Glass Ceilings and Dirt Floors: Women, Work, and the Global Economy

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Glass Ceilings and Dirt Floors: Women, Work, and the Global Economy
Today's market economy depends upon, yet undervalues, the essential contributions of households to the care work that makes all other work possible. As designated tenders of the care economy, women take daily, costly responsibility for a fundamental fact that mainstream economics underplays or conceals: market economy depends continuously on another economy, wherein our embodied vulnerabilities are respected and addressed by way of caring labor and relationships. Catholic and feminist social thought can illuminate these issues by starting from opposite ends of the usual analytic telescopes, approaching globalized markets from the perspective of the nonmarket work and sustaining activities that take place every day in households and local communities. This ground-level point of view reveals an urgent need to reorient currently dominant ways of perceiving and organizing economic life that are inefficient for sustaining either flourishing households or a flourishing "world house." In this compelling exposé on the (in)justice of women's work, Christine Firer Hinze argues for reprioritizing the holistic understanding of economy as oikonomia--literally, the management of a household in order to sustainably provide for all members--assumed in traditional, classical, and contemporary political economics. This oikos-focused paradigm addresses global work-family struggles at their roots by shifting the axis of our economic imaginations, values, and policy making from a marketized-competitive model to one that prioritizes economy's inclusive, provisioning purposes. +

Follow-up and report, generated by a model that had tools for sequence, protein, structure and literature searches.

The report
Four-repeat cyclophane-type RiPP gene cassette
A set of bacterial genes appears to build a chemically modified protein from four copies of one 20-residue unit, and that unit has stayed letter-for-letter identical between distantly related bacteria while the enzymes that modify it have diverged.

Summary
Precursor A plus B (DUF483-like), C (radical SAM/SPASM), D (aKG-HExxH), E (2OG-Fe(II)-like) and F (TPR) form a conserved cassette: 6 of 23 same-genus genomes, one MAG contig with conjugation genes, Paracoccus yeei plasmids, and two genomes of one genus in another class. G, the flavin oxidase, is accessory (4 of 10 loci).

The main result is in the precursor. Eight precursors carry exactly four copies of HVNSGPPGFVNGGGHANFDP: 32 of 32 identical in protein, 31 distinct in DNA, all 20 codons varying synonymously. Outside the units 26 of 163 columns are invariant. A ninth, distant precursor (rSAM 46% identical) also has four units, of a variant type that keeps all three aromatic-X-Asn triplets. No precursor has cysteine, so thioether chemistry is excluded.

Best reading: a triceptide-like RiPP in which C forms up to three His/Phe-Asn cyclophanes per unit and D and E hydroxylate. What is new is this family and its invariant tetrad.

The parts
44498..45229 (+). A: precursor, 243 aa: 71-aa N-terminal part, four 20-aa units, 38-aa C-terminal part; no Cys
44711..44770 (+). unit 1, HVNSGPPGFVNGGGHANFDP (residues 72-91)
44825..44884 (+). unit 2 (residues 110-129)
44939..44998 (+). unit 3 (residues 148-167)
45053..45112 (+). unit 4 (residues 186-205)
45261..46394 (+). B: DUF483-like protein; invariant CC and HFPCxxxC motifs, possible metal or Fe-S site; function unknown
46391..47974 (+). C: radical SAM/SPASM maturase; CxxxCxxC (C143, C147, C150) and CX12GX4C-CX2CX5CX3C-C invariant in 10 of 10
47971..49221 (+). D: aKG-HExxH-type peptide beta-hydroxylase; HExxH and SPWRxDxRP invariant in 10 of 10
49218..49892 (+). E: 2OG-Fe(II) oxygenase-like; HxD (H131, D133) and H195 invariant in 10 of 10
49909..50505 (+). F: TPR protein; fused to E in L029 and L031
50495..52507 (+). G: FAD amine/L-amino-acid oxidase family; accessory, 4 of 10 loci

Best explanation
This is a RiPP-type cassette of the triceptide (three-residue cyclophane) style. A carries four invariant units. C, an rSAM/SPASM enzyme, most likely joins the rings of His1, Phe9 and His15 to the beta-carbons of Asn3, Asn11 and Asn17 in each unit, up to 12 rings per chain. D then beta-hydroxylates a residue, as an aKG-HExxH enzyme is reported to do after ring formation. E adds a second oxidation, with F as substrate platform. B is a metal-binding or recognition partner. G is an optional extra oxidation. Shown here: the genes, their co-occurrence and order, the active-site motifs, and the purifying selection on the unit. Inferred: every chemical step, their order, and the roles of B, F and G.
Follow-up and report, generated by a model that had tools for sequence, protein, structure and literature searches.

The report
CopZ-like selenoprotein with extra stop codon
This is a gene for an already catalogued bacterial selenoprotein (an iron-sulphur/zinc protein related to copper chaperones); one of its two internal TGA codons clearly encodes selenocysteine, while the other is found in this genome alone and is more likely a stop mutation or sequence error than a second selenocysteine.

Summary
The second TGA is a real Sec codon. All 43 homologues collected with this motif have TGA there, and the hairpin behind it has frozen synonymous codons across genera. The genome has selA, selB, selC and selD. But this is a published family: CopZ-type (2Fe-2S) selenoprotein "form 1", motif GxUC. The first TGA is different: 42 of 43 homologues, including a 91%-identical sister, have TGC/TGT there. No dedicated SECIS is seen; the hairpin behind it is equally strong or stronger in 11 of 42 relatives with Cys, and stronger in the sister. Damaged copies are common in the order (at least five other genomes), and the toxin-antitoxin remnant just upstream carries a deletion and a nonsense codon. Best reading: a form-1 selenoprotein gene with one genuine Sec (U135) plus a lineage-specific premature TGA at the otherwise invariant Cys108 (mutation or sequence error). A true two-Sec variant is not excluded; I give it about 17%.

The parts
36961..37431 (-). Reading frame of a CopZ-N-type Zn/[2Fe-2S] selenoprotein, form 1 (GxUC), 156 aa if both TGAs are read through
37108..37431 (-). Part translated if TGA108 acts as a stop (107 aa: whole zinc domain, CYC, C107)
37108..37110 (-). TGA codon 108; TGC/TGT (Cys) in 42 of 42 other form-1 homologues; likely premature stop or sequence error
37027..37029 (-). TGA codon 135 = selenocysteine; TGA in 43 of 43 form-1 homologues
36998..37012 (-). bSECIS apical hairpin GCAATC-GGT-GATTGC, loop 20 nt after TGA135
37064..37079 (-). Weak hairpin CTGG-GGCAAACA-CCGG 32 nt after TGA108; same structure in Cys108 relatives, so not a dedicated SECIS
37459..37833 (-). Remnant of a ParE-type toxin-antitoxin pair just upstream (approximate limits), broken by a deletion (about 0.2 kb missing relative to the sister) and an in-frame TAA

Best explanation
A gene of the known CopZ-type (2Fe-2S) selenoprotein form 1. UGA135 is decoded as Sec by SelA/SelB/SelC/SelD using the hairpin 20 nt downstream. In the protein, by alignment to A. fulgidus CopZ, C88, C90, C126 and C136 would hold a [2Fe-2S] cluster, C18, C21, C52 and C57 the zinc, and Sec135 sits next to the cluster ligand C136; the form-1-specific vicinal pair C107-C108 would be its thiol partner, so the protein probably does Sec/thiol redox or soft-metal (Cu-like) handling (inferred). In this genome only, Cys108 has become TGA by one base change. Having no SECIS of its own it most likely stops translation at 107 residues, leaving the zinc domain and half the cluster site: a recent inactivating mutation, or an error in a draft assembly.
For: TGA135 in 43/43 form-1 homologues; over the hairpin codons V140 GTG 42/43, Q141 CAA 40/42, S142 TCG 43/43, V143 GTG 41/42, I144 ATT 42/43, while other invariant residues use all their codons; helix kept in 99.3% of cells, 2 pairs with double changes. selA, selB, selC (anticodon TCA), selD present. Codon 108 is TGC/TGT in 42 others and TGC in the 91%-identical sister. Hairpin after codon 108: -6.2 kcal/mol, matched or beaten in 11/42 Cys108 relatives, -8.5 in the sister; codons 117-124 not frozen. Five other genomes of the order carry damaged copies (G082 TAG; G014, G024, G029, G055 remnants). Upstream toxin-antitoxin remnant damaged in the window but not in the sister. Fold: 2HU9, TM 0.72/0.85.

Publication Date: 
May 7, 2015